A copy of the levy notice will be sent to anyone who has paid the taxpayer wages in the past or issued a 1099 for services the taxpayer rendered. An employer or business owner/contractor that receives a Notice of Levy for an employee or sub-contractor is required to withhold a portion of the wages/income due and remit them directly to the IRS. The IRS can levy a huge percentage of a person's pay. For a wage-earner, the amount levied will depend on the income and the size of the wage-earner's family. In 2012, a single person that is levied by the IRS can be left with as little as $114.42 per week! The amount of a wage-earner's income that is exempt from IRS levy can be viewed on the IRS' Web site's Tables for Figuring Amount Exempt from Levy on Wages, Salary, and Other Income. This table is updated yearly. Once initiated, the wage levy will stay in place on each and every paycheck until the tax debt is paid off, unless that taxpayer takes the proper steps. For a 1099 recipient, a wage levy can be even more disastrous. Anyone who has previously submitted a 1099 for the taxpayer to the IRS will receive the Notice of Levy. This will prevent the 1099 recipient from receiving any income from the business or contractor until the levy is stopped.
A copy of the levy will also be sent to any bank that the IRS is aware of in which the taxpayer holds an account. Any funds in the account that are equal to or less than the size of the tax debt will be frozen by the bank and sent to the IRS 21 days later. Any account that the taxpayer is listed on is at risk of levy, even if held jointly with someone who has no part in the tax debt. Funds that are deposited in the bank account after a levy is received by the bank are not subject to the levy and will not be sent to the IRS, but a bank account can be levied repeatedly.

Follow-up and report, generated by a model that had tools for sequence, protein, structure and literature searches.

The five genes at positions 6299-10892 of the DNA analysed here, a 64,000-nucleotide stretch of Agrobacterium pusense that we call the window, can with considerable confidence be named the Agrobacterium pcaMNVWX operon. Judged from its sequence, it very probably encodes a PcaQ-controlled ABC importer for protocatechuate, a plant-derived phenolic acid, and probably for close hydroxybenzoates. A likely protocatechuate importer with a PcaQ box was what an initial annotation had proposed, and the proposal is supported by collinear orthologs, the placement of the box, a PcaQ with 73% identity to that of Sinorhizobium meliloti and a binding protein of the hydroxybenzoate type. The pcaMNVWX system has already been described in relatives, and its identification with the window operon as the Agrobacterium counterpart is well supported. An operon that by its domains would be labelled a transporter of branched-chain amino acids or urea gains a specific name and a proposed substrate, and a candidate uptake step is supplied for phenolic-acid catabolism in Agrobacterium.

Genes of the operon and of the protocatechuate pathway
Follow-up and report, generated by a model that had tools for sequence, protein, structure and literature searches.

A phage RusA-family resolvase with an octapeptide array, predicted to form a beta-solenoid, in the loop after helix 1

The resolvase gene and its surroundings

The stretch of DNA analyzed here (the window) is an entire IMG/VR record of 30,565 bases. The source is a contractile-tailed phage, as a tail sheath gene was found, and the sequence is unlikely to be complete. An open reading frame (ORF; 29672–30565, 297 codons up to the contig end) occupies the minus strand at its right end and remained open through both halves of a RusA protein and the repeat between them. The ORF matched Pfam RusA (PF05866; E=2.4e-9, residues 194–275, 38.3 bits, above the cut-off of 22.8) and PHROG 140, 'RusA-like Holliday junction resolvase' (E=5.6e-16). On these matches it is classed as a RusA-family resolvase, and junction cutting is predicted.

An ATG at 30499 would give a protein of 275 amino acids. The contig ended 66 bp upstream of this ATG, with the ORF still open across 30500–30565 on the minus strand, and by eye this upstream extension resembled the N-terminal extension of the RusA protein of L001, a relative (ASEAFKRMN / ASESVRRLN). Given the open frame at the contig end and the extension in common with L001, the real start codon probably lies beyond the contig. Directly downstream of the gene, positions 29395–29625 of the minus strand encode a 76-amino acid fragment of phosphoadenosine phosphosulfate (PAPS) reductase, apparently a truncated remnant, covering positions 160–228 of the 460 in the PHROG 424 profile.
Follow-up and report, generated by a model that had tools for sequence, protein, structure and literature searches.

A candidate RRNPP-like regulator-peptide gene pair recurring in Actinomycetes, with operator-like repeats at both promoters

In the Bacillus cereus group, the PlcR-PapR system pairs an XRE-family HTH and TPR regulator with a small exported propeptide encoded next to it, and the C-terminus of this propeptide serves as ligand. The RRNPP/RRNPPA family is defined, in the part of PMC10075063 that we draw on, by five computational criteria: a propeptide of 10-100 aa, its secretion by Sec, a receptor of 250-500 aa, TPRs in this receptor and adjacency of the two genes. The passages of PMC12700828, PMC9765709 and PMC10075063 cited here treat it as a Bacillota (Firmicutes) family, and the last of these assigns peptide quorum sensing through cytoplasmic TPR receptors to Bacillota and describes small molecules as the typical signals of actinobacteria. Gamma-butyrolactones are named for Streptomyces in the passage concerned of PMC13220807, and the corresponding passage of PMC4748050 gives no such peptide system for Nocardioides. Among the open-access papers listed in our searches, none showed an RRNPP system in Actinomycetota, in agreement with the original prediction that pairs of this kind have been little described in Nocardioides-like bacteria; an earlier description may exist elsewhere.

It is possible, but difficult, to act within the 21 days to get the IRS to drop the levy. However, options that existed before the levy was received, such as setting up a payment plan while not having the bank account funds remitted to the IRS, are no longer available. Often, by the time a Notice of Levy is received, even if immediate action is taken to stop the levy, the levy will affect the taxpayer's wages or bank accounts. While the IRS does have authority to seize other assets, such as a house or a car, to collect on a tax debt, it almost never does so, except in cases of tax fraud.
Offset Tax Refunds
In addition to coming after a taxpayers income or bank accounts, the IRS can and will keep any tax refunds that are owed to the taxpayer and apply them to the taxpayer's outstanding tax debt. Additionally, the IRS can act as a collection agent for debts, such as state tax debt, federal student loan debt, or delinquent child support. In these cases, the IRS offsets the expected tax refund or any overpayment it receives and sends them on to the parties that the taxpayer owes.
Never ignore any correspondence from the IRS. Take immediate action if you receive a Notice of Intent to Levy or Notice of Levy. Speak to a tax professional to understand your options. While a taxpayer can speak to the IRS directly, the IRS is not there to represent the taxpayer's interests. It can make good sense to have an experienced tax pro assist you.